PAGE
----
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There’s no leather-bound wine list at Cambridge’s Pammy’s, the eclectic, Italian-inspired New American restaurant that opened on Mass. Ave. in 2017. Instead, you’ll find a single, double-sided piece of 8½–by-11-inch paper declaring small categories of Italian and domestic wines with titles like “Refreshing & Mineral” and “Rustic & Bold.”
“I wanted to create something approachable,” said wine director Lauren Hayes. “Something that’s easy to just sit down and have fun with.”
Hayes, 28, is among the up-and-coming generation of wine professionals in Boston. She said the city’s supportive wine community helps foster shared ideas and information, and her wine program is among a growing number that is ditching lengthy lists for smaller, more curated selections.
The wines Hayes selects for Pammy’s are also all what are known as natural wines. Hayes defines natural wines as “small-production wines made sustainably in the vineyard, with minimal intervention in the cellar,” and said they are a fast-growing category among restaurants in the Boston area.
Unlike organic wines, which can be certified by the USDA, natural wines are a bit of a gray area, with no official certification available.
Hayes said natural wines’ artisanal production results in wines with more character; specifically, she said natural wines express more terroir, a term wine professionals use to assess how much a wine reflects its origins. Hayes said wines with distinct terroir stand out compared to more industrially produced wines.
“I truly think [natural wines] are the only way wine can be wholly delicious and authentic,” she said.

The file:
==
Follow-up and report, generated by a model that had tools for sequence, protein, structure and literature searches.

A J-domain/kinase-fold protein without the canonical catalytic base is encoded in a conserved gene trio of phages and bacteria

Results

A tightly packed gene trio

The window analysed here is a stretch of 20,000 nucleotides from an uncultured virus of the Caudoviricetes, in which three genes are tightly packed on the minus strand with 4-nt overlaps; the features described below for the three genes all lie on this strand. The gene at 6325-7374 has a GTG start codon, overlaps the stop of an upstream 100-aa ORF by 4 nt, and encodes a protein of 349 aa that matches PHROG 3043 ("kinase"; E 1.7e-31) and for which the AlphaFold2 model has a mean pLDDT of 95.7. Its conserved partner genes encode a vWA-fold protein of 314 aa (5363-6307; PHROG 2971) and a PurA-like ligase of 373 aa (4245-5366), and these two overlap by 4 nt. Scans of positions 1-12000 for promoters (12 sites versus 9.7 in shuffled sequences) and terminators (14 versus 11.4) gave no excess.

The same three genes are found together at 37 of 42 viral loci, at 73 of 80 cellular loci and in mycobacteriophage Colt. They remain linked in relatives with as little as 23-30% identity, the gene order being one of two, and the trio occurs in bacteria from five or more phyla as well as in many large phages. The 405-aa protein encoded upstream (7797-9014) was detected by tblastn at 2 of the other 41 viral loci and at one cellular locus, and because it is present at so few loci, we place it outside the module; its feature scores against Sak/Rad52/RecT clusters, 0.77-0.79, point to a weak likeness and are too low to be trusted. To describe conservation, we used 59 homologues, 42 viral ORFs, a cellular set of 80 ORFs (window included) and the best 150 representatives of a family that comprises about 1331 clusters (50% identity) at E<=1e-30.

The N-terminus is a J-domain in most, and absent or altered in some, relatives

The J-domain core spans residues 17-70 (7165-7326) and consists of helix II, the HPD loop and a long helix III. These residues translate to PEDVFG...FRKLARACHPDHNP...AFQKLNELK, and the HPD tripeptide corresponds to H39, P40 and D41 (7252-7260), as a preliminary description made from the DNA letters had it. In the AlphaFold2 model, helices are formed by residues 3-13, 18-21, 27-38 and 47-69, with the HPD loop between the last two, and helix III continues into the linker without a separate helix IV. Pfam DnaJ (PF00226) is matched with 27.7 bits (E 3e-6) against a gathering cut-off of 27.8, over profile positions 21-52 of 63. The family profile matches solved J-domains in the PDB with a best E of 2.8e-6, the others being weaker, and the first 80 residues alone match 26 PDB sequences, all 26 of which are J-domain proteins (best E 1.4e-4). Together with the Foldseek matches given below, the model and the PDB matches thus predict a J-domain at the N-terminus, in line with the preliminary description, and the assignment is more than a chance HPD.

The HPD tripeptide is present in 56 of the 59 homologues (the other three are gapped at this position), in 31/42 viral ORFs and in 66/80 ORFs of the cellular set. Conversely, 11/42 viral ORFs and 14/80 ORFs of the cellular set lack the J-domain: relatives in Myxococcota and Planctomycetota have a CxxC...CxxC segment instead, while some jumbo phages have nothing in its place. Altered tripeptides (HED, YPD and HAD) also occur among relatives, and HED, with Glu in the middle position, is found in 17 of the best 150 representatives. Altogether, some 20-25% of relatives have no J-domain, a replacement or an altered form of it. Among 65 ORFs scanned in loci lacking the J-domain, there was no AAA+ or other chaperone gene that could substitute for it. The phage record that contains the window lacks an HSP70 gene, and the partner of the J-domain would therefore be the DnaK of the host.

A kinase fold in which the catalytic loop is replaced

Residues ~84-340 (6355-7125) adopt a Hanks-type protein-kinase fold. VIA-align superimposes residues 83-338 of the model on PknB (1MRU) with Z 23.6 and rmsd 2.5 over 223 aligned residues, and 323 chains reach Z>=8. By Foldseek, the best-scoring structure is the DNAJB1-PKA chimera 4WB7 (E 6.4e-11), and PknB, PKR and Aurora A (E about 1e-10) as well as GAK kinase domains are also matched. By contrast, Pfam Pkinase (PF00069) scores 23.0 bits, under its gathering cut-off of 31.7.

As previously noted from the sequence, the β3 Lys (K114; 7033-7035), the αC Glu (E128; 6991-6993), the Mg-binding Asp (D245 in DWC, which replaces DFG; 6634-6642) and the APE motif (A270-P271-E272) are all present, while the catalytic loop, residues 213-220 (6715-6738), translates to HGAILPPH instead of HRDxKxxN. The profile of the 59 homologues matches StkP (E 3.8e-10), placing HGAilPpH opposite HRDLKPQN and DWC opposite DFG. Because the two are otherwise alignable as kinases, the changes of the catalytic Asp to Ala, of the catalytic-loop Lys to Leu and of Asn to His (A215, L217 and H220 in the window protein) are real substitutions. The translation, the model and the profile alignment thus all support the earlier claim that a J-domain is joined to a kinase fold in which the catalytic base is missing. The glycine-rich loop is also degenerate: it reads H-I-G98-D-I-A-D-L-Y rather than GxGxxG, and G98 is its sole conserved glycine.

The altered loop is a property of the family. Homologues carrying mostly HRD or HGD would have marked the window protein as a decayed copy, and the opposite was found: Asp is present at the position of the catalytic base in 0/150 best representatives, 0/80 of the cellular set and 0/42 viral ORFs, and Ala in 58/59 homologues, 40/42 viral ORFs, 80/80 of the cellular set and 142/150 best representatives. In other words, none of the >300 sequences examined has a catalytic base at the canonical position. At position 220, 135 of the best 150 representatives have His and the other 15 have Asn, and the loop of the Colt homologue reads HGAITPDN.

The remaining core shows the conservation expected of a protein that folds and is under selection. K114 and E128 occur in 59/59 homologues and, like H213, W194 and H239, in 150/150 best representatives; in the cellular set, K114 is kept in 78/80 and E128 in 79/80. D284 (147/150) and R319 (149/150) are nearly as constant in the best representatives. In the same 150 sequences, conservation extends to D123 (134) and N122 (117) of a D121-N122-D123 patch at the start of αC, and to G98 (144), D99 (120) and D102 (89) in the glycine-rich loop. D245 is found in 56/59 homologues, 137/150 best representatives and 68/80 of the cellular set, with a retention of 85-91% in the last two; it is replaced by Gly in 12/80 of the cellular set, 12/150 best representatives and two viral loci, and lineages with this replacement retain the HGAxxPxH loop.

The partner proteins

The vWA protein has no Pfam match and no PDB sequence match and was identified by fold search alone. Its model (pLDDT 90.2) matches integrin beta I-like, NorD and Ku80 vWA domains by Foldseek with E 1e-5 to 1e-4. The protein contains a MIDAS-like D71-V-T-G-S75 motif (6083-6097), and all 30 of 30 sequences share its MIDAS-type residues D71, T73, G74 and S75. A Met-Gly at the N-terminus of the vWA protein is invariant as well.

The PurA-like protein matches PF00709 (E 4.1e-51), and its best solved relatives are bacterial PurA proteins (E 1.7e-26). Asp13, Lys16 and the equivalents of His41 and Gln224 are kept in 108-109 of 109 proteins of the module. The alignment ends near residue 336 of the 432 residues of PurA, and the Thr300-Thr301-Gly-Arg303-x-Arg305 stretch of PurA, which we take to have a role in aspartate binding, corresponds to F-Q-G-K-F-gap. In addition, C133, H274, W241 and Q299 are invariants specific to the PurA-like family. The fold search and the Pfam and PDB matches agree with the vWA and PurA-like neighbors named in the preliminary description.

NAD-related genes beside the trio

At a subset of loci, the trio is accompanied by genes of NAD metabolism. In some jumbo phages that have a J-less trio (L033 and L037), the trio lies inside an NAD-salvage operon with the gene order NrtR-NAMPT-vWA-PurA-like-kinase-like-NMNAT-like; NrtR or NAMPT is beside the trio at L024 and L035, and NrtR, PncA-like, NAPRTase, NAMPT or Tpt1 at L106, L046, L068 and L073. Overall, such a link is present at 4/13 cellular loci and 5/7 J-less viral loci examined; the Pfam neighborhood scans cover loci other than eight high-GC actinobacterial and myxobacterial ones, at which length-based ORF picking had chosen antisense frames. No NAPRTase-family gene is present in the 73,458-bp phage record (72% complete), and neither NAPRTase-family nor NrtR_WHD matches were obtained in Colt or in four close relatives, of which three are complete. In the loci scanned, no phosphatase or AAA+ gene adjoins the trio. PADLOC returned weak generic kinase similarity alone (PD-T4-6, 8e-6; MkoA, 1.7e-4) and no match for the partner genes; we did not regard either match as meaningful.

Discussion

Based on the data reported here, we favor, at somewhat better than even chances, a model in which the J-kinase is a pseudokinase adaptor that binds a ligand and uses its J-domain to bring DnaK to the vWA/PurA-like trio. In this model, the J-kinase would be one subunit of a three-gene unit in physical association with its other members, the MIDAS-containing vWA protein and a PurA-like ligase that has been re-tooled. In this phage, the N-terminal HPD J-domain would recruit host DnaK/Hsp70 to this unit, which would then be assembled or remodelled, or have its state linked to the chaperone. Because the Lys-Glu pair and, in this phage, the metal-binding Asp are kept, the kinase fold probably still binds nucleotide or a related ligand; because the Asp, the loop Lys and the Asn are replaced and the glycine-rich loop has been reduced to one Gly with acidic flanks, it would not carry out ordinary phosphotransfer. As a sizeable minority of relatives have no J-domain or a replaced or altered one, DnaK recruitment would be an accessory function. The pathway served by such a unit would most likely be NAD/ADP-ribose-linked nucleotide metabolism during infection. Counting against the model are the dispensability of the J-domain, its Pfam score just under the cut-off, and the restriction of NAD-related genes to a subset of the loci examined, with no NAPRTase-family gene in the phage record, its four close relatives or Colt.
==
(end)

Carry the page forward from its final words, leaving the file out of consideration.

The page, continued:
Hayes also said that Boston’s evolving dining population allows her to be more innovative with what she offers at the restaurant.
“Things have changed, just in the eight years that I’ve been [working] in restaurants,” she said. “People are more curious, more open, with fewer preconceptions about what their experience has to be.”
These are Hayes’ favorite spots to sip, buy, and learn about natural wine in Boston.
This cozy neighborhood bistro just outside Harvard Square is owned and managed by Stan Hilbert, the former general manager and wine director at Ten Tables in Jamaica Plain, where Hayes had her first taste of less conventional wines.
“Stan was my mentor in a big way,” Hayes said. “There was never any pretense, never any shaming for not knowing something [about wine]. He’s all about sharing knowledge.”
Forage hosts weekly wine dinners every Tuesday night. A dinner of four courses paired with four wines is $50 per person, and reservations can be made by calling the restaurant.
The Wine Bottega
This little wine shop in the North End has been a bastion of natural wine in Boston for more than a decade. Hayes worked with the current general manager and wine buyer, Max Rose, at Ten Tables, and she credits him with helping foster her love for wine.
“It’s so great to have another person who’s as giddy about natural wine [as I am],” she said. “We were coworkers at a time when I was ready to learn, and it was so important to have that sounding board.”
The Wine Bottega carries a wide selection of natural wines, ranging from classic French appellations to more esoteric regions like Slovenia. They hold free tastings at the shop from 5 p.m. to 8 p.m. every Friday.
It’s the irreverence this cozy Downtown Crossing wine bar brings to the scene that Hayes appreciates the most.
“They’re on the same kind of demystifying train I’m on,” she said. “They’re so fun, and I find their silliness so refreshing. If you’re not following them on Instagram, you should.”
Haley.Henry’s wine list includes natural wines from all over the world, and their menu is an ode to Iberian tinned seafood culture, with a selection of charcuteries and small plates like marinated mushrooms and lamb tartare.
True to unpretentious form, Haley.Henry dubs every Wednesday night from 5 p.m. to 6 p.m. Weiner Wednesday, with a different themed hot dog on offer each week.